It reminds me of my book‘s chapter, “Relax! Not Every Little Thing You Do Has That Much Impact on Your Child’s Development!” In this essay, Shaw is reacting to a Time piece that blithely stated, “In a brain scan, relational pain — that caused by isolation during punishment — can look the same as physical abuse. Is alone in the corner the best place for your child?”
Whether you use time-outs or not, the idea that you had better read every single bit of brain literature before you decide how to raise your kid is what gets Shaw’s goat and my own. (We share a goat.) Parenting practices are as varied as pancake recipes and, like those recipes, most turn out good enough. But once you read some “expert” telling you that what you thought seemed okay just might be the worst thing since scurvy, you can start going nuts with worry. And so, Shaw writes:
Having worked with anxious parents (and being one myself) in different capacities (first as a therapist and then as a head of school), I could almost hear their questions as I read the Time article: If you’re telling me that putting my child in a time-out hurts her brain, then what happens when I drop her off at school or daycare and she cries? Am I harming her brain then? Is it being permanently altered because she thinks I’m rejecting her? The article states that the brain is adaptable, yet it sounds like time-outs could permanently alter it if done repeatedly. But what does “repeatedly” mean? Is using time-out once a day the same as several times a day? Is it the same as once a week? What if I choose to use time-outs because staying with my child while she kicks and screams only seems to incite her more than it does if she does it alone in her room? What’s happening to her brain then? And what if I’ve been using time-outs for five years? Have I damaged her brain and scarred her for life?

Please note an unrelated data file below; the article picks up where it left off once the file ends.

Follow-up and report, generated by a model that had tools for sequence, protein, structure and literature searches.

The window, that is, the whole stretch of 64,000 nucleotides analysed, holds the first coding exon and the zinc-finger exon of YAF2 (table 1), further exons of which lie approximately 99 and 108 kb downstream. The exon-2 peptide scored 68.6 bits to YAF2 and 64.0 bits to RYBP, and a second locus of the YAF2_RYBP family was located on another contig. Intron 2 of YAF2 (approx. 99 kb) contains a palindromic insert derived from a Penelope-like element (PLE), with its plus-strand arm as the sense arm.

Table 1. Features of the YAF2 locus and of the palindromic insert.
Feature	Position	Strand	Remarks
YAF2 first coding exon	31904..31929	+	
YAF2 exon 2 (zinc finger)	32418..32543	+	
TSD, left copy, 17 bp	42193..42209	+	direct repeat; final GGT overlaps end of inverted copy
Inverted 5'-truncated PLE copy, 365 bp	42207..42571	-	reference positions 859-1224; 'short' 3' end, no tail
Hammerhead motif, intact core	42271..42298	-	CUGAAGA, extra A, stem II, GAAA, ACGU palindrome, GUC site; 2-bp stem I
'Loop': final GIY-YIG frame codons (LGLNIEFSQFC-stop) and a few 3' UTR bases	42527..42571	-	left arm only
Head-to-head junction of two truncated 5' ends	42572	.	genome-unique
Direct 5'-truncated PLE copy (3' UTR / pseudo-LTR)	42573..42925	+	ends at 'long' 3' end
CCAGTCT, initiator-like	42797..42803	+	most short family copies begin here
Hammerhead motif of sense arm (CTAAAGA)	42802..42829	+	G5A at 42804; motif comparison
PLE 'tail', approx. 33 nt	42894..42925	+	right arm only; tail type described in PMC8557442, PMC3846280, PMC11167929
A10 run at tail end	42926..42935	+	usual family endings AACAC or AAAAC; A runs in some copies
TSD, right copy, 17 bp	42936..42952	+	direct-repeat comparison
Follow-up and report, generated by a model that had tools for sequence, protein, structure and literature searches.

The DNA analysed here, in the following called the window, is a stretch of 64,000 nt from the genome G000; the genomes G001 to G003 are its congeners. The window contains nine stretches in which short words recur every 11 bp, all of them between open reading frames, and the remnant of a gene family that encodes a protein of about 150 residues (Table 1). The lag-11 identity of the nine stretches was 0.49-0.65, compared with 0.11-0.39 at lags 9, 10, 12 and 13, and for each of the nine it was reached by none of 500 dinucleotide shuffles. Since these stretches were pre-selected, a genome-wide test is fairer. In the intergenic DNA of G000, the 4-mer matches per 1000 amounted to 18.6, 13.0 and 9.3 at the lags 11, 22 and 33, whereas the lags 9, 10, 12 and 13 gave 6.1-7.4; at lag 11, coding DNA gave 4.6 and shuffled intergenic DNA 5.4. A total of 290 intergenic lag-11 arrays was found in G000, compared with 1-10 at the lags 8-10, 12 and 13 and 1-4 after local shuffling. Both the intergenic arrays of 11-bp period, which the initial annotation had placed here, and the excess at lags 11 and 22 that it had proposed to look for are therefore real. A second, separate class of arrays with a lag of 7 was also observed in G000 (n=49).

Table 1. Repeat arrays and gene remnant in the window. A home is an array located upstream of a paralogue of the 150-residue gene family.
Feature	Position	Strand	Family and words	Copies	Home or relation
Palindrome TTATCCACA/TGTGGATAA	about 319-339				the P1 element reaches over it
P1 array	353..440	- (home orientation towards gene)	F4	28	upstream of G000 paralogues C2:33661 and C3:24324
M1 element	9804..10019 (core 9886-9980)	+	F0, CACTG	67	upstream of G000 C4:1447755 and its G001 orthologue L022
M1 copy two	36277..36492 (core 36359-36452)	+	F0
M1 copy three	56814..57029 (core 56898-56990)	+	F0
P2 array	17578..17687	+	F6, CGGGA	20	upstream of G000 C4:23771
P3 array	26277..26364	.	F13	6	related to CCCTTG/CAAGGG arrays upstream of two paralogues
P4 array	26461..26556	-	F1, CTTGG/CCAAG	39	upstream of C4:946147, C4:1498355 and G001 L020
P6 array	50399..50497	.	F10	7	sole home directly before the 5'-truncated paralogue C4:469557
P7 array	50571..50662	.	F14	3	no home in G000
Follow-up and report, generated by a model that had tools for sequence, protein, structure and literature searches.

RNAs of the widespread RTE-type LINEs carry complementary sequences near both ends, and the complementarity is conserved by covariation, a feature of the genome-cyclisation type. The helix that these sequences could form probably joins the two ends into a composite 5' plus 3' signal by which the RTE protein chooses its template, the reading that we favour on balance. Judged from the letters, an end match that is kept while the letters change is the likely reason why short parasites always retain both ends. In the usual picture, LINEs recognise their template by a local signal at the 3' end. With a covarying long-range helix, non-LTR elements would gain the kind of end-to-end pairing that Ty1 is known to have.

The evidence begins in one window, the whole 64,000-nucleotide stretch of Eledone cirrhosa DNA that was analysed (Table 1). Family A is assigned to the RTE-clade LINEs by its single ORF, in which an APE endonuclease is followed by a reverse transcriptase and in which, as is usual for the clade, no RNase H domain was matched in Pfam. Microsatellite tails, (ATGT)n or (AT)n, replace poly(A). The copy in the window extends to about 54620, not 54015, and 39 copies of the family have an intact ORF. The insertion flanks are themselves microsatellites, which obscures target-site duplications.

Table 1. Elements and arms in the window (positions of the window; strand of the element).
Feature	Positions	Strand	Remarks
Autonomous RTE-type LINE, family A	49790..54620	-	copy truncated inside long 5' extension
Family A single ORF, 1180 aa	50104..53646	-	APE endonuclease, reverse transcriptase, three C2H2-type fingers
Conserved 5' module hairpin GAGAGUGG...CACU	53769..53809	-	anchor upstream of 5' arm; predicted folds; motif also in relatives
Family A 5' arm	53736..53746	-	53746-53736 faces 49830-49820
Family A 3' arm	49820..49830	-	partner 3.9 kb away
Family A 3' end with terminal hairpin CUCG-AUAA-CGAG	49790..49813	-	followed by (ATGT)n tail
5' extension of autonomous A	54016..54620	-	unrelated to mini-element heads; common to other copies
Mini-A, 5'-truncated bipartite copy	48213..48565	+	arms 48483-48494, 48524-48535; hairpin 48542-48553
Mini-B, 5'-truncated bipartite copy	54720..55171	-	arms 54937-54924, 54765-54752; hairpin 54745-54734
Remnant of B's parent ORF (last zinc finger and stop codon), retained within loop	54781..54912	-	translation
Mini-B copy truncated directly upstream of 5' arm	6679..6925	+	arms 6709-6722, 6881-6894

Everything we do “scars” our kids, in that it has a little bit of impact. But the idea that these decisions, made with love and sometimes frustration, shape them into precisely who they are, or prevent them from ever being happy or healthy, is to grossly underestimate human resilience, not to mention genetics and a million other forces shaping our kids.
It sometimes feels like parenting and dieting are the same thing: One day too much fat is bad for you, the next day it’s exactly what you need! Either way, you feel bad about whatever you just ate, and kick yourself that if only you ate kale-frosted cupcakes, you’d look like Jennifer Aniston. (And really, guys — do you WANT that?)
Eating and childrearing don’t require a ton of books.
Except if you get them confused. – L.